Most cases of neonatal sepsis (roughly 80-90%) present in the first 2 days of life. Manifestations range from nonspecific symptoms to multiorgan failure. Infants rarely present with fever unless born to a febrile mother, although some acquire fever immediately after delivery. It is more common for an infant to be hypothermic or to present with pneumonia, two nonspecific signs of sepsis. Other presenting signs that warrant investigation include lethargy, irritability, poor feeding, respiratory symptoms (eg, apnea, grunting), and abdominal distention.
Neonatal sepsis is defined as a systemic infection occurring in infants ≤28 days old. Early-onset neonatal sepsis is defined as sepsis presenting within 72 hours of birth, and late-onset sepsis as sepsis occurring after 72 hours in infants in the neonatal intensive care unit (NICU) and after 7 days of life in full-term infants.
Initial Workup of Suspected Neonatal Sepsis
Initial, nonspecific testing (eg, urine cultures, white blood cell [WBC] counts) may prove useful for identifying infants with a low probability of developing sepsis, but not for identifying infants likely to be infected.
A single blood culture is used to determine the presence of bacterial infection. The culture should be obtained before beginning antimicrobial therapy, unless doing so will substantially delay antimicrobial administration.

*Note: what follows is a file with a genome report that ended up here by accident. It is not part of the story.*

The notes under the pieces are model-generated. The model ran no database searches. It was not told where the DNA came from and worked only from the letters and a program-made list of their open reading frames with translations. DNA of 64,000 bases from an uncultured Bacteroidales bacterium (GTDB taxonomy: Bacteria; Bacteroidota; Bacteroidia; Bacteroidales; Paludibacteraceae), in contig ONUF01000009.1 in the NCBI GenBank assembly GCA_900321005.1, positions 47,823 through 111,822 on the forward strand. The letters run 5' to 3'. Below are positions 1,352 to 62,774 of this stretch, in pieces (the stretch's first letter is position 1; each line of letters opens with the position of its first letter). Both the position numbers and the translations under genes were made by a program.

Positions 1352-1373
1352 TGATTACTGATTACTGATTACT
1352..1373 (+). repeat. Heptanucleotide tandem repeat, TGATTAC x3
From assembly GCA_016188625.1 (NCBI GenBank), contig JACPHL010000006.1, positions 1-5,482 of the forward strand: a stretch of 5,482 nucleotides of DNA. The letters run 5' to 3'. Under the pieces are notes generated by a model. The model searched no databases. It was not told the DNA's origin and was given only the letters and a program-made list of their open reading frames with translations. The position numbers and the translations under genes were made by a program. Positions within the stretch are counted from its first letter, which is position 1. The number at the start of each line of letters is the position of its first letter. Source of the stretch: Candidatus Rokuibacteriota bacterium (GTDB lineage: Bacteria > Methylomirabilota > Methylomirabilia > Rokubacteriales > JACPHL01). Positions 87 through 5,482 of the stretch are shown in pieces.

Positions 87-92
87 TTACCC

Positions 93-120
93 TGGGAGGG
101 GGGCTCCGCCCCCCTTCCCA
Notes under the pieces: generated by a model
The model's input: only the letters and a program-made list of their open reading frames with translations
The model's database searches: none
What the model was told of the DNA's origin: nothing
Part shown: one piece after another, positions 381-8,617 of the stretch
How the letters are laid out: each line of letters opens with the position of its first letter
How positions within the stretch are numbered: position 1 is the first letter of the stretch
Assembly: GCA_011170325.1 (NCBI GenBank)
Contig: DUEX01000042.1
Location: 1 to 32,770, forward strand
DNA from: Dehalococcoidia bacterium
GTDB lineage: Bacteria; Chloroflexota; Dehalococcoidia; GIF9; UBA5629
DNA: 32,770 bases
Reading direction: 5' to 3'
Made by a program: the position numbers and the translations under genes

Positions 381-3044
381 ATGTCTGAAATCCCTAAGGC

Cerebrospinal Fluid Studies
Cerebrospinal fluid (CSF) studies provide optimal diagnostic sensitivity for detecting sepsis. The American Academy of Pediatrics (AAP) recommends that all newborn infants with suspected sepsis have a lumbar puncture if stable enough for the procedure. CSF studies are not necessary in all infants with suspected sepsis; if there are no obvious maternal risk factors or there is suspicion that a noninfectious etiology may be involved, CSF studies can be deferred. However, if blood cultures are positive or infants fail to respond to therapy, a lumbar puncture should be obtained and tested.
CRP is a nonspecific marker of acute inflammation. Evidence supports the use of CRP to help rule out neonatal sepsis in full-term infants, and recent studies suggest similar efficacy in preterm infants. CRP increases within 6-8 hours of infection and peaks at 24 hours. The sensitivity of CRP is initially low, but this marker has increased sensitivity 6-12 hours after birth. Two normal readings provide strong evidence that bacterial sepsis is unlikely and that any antibiotic treatment can be discontinued. There is no evidence to support repetition of CRP testing to determine duration of treatment in an infant with an increased CRP result (≥1.0 mg/dL).